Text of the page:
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Commercial actors, on average, make more per hour than any other type of actor, according to the Bureau of Labor Statistics. In 2013, their average hourly wage was $51.08, compared to $41.94 across all categories of actors. As with all actors, though, the most successful earn several million dollars per year.
Most commercial actors are required to join the SAG-AFTRA union, Screen Actors Guild-American Federation of Television and Radio Actors, which strictly regulates the rates members are paid by production companies. There are a multitude of variables affecting how much a principal actor in a commercial is paid: how many times the commercial runs in 13-week cycles; in how many cities; and how many 13-week cycles it continues to run. Also affecting the actor's pay are rates for cable and Internet showings, and if there is a 15-second version of the commercial in addition to the standard 30-second version. The benchmark, though, is $627.75 per day for actually making the commercial, and $627.75 for the first time it runs. The actor is paid substantially less than that for every time the commercial runs afterward.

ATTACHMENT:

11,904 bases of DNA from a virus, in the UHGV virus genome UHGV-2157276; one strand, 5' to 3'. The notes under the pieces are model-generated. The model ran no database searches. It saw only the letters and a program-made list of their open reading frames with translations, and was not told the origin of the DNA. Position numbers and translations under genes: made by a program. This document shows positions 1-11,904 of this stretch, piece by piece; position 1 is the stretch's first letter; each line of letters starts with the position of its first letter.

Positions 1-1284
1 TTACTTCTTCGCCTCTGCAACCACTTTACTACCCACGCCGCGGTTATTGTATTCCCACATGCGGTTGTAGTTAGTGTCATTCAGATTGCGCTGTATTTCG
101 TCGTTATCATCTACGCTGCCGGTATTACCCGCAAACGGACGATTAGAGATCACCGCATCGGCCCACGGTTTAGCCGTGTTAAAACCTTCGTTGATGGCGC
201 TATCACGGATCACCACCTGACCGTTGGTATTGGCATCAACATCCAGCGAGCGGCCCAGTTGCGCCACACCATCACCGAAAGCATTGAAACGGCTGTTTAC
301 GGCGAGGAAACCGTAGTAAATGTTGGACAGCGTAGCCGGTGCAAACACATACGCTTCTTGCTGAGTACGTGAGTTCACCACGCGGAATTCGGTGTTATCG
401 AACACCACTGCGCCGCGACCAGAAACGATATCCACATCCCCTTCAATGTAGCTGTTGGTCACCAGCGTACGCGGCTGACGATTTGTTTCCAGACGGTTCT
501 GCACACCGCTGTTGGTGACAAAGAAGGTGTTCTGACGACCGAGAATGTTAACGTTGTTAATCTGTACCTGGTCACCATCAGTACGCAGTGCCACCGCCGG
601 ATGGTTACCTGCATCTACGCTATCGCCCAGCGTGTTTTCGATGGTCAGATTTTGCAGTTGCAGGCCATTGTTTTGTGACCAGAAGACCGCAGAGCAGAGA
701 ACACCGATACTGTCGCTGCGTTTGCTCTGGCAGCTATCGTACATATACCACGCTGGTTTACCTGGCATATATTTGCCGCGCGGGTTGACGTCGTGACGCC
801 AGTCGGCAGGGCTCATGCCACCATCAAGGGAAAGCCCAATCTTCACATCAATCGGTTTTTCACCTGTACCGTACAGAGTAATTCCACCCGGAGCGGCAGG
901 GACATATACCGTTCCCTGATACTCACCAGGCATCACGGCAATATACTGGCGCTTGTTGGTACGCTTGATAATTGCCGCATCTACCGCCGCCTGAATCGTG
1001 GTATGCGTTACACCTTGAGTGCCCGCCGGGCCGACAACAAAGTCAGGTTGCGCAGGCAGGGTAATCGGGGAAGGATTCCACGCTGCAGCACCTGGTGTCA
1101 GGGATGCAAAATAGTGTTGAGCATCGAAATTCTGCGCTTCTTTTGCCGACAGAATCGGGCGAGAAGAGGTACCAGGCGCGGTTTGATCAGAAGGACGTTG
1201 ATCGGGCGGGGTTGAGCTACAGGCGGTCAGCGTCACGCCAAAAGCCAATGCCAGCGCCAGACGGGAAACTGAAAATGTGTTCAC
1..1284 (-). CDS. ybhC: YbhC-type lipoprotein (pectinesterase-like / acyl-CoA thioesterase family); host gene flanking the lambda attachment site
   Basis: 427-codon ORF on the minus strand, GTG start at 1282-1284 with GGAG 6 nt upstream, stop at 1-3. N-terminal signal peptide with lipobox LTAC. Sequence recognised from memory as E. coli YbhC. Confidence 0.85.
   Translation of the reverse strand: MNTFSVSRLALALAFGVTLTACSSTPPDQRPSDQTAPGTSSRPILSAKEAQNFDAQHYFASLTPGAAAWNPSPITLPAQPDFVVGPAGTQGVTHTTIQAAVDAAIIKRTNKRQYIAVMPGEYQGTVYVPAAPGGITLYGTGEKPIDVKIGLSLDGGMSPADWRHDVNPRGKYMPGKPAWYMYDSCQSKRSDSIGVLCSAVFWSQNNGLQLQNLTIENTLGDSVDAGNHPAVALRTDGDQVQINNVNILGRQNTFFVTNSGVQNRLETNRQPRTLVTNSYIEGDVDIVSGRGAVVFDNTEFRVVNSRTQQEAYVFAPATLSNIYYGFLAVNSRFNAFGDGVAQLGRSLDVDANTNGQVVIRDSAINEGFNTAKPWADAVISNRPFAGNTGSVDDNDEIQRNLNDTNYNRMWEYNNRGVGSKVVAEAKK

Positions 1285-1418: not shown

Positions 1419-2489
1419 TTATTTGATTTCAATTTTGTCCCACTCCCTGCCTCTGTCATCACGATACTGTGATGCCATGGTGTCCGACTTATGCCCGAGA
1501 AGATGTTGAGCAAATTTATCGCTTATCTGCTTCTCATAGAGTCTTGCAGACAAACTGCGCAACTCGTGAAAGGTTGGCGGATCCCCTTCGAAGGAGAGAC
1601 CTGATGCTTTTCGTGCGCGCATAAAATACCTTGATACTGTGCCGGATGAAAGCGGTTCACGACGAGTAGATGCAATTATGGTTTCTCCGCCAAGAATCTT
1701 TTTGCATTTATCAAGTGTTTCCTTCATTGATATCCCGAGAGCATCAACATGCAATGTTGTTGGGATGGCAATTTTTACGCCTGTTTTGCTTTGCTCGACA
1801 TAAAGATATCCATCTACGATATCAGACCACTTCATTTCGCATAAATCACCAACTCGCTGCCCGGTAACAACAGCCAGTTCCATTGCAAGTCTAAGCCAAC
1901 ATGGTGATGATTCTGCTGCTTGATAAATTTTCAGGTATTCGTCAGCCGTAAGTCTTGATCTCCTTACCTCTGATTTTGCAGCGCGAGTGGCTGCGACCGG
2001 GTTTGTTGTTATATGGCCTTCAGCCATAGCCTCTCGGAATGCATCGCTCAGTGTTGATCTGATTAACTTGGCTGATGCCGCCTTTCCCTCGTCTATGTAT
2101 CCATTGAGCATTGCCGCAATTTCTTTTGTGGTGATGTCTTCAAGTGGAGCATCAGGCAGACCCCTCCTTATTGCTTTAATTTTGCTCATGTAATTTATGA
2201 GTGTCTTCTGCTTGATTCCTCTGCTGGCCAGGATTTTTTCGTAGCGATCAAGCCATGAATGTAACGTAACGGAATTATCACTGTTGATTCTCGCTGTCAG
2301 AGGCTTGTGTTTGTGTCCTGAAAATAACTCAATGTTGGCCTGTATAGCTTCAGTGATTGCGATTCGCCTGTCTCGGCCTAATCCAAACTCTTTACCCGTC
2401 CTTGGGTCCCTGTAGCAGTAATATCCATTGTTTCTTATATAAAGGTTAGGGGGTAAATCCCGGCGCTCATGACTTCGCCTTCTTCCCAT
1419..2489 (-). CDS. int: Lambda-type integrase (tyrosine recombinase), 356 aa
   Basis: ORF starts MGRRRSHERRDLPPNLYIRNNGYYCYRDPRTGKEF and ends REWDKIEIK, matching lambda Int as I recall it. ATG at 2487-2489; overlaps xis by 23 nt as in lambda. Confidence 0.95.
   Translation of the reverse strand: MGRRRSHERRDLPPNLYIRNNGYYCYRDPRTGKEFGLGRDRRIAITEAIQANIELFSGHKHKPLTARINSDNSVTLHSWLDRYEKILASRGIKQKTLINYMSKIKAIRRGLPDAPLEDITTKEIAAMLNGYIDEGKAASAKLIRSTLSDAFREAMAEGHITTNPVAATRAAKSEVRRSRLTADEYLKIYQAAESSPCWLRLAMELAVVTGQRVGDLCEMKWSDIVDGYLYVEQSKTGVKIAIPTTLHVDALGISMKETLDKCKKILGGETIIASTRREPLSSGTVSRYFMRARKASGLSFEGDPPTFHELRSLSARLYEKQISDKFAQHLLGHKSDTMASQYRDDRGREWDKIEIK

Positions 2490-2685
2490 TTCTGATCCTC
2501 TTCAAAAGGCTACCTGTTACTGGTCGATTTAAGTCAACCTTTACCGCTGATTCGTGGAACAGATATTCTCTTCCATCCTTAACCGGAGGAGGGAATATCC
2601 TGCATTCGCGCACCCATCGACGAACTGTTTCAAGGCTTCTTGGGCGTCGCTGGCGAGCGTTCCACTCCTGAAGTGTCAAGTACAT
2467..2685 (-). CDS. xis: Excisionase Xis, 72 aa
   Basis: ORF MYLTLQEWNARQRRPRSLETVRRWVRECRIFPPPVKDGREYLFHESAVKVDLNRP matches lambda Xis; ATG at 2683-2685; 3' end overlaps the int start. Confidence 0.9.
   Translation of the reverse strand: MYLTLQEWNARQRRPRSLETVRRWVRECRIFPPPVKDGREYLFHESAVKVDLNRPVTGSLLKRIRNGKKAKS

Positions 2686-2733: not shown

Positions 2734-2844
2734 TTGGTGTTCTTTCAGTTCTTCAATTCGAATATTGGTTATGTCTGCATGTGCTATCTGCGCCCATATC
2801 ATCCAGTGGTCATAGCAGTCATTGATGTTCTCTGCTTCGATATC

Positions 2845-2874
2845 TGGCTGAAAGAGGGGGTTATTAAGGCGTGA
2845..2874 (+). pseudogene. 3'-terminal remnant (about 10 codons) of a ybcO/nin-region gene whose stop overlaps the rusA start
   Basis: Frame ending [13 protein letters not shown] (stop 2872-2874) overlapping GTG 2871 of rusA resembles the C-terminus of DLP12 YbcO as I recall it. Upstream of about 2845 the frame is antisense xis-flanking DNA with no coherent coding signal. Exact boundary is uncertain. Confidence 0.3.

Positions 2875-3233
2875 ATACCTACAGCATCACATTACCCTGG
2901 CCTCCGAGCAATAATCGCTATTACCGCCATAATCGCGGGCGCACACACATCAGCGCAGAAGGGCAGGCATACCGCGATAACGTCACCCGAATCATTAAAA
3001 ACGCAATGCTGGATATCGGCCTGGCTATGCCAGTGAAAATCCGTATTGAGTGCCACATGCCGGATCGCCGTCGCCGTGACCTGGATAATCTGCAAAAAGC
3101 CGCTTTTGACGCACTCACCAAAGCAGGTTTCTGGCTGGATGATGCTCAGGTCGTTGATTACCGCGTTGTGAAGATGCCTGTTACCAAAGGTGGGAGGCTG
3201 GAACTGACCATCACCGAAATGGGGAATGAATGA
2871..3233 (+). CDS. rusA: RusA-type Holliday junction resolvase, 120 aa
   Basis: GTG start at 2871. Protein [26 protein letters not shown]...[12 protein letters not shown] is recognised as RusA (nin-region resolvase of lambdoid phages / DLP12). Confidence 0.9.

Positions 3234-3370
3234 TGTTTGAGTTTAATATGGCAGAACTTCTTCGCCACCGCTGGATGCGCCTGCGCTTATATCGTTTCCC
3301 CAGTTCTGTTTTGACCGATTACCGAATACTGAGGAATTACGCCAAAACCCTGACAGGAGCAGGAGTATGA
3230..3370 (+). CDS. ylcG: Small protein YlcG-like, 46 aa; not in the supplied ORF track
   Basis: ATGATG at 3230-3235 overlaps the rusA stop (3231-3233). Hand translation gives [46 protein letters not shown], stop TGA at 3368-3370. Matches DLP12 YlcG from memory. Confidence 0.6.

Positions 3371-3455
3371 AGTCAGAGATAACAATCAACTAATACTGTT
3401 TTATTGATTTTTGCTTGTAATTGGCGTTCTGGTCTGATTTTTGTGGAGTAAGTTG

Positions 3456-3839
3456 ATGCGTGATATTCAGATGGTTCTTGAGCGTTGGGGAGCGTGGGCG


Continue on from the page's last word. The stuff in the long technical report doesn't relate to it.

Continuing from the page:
Wealthiest Commercial Actors
The dream job for a commercial actor is to become a spokesman/symbol of a particular company. These select few, such as Progressive's "Flo," and "Mayhem" for Allstate, bring millions, if not billions, into their clients' pockets, and they are rewarded for it. Peter Marcarelli made some $10 million, according to richest.com, for making "Can you hear me now?" part of Verizon's and America's lexicon. Subway's own Jared Fogle has made $15 million for losing weight with Subway and telling the world about it.
Nate Lee was senior editor of Chicago's "NewCity" newspaper and creative director in a global advertising agency. A playwright and published poet, Lee writes about the arts, culture and business innovation. He received his Bachelor of Arts in English from Tulane University.
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